A map shows how a cold front pushing across the centre of the country will bring cold temperatures over the nation's southeast while driving temperatures up in the north and west

A map shows how a cold front pushing across the centre of the country will bring cold temperatures over the nation’s southeast while driving temperatures up in the north and west

Melbourne (pictured), Adelaide and Canberra also experienced their chilliest morning so far this year as a cold front blankets much of south-east Australia

Melbourne (pictured), Adelaide and Canberra also experienced their chilliest morning so far this year as a cold front blankets much of south-east Australia

Melbourne (pictured), Adelaide and Canberra also experienced their chilliest morning so far this year as a cold front blankets much of south-east Australia

Large parts of NSW and south-eastern QLD will face heavy rains until next week, with Sydney expected to have up to 20mm per day until Sunday.

The NSW capital had more than 20mm through the weekend with 25.6mm recorded in the pet releaf cbd oil on Saturday, 22.8mm Sunday and 21.6mm on Monday.

The high pressure system lingering on the Tasman Sea offers the chance of up to 100mm for the remainder of the week in Sydney alone. 

However, the Harbour City can expect moderate temperatures ranging from lows in the high teens to mid 20Cs.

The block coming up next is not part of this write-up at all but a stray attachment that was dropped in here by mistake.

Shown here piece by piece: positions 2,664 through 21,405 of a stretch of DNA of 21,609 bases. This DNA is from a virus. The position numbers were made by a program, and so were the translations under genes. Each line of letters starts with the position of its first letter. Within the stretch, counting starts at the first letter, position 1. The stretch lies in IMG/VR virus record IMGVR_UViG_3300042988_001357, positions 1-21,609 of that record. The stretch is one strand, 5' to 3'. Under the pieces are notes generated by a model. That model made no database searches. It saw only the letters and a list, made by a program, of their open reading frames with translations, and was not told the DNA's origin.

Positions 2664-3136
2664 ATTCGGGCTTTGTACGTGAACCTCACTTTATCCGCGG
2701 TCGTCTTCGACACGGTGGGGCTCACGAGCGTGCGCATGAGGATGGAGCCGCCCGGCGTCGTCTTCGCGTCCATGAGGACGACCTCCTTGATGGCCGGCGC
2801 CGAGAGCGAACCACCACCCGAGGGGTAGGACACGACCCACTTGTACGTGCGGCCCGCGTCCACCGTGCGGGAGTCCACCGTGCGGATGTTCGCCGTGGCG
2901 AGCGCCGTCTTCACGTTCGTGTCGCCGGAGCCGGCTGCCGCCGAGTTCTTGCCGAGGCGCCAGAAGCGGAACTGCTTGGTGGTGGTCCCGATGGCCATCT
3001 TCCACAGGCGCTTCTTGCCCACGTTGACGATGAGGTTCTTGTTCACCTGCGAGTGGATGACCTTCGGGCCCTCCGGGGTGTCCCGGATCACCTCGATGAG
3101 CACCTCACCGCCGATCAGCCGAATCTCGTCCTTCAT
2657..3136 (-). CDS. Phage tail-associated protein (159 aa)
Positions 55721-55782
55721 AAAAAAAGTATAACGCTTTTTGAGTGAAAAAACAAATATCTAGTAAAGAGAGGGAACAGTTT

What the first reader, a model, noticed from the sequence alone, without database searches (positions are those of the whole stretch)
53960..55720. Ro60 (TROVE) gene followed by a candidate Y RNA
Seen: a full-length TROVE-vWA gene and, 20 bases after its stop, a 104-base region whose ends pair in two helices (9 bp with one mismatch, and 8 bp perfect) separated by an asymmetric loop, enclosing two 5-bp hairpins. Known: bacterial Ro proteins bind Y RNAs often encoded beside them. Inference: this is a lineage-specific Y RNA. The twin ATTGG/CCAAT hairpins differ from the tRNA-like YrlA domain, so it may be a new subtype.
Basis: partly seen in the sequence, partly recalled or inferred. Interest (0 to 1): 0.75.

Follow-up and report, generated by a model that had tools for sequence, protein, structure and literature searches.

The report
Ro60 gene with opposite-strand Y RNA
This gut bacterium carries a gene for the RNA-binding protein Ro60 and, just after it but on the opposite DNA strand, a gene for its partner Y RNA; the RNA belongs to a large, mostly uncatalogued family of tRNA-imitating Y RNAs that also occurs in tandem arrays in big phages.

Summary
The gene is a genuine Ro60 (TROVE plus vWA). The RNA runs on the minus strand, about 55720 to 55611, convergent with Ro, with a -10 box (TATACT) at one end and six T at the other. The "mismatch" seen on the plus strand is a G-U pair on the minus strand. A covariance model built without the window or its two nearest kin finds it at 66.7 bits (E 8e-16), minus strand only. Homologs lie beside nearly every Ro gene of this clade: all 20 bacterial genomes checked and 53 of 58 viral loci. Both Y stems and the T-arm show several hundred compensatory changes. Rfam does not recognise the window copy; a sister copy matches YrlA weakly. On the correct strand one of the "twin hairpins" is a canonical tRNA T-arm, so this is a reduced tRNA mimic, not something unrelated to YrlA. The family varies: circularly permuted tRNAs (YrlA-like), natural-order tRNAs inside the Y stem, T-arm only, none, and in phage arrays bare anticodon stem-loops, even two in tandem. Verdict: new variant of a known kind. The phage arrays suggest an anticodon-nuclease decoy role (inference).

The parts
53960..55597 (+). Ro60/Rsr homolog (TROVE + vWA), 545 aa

Melbournians will be slightly cooler, with minimums in the around 15C, with maximums sitting close to 25C. 

Perth is facing eight days of sweltering heat above 30 degrees Celsius as a weather cell pushing across Australia drives hot temperatures over the nation's west

Perth is facing eight days of sweltering heat above 30 degrees Celsius as a weather cell pushing across Australia drives hot temperatures over the nation's west

Perth is facing eight days of sweltering heat above 30 degrees Celsius as a weather cell pushing across Australia drives hot temperatures over the nation’s west

Hobart is set to enjoy a sunny week with temperatures sitting around the mid 20Cs

Hobart is set to enjoy a sunny week with temperatures sitting around the mid 20Cs

Hobart is set to enjoy a sunny week with temperatures sitting around the mid 20Cs

Despite the wet weather, those in Brisbane will see lows around 20C in coming days, with the mercury hitting 23C.

Highs will soar mid week and into the weekend, topping 28C on Friday and 29C on Saturday.  

Adelaide will enjoy a warm streak, with temperatures basking at 29C from Wednesday to Saturday. 

Sunshine is forecast for Hobart this week, with warm days reaching the early to mid 20Cs. 

Darwin will sweat through humid days this week as rain and storms lash the northern city amid 30 C degree heat. 

In the country’s southeast, Canberra will shiver through minimum temperatures around 10C while only topping 21C for most of the week.  

<div class="art-ins mol-factbox news" data-version="2" id="mol-221a4240-8556-11eb-bc42-8d1f7e866682" website rain and thunderstorms set to batter NSW and QLD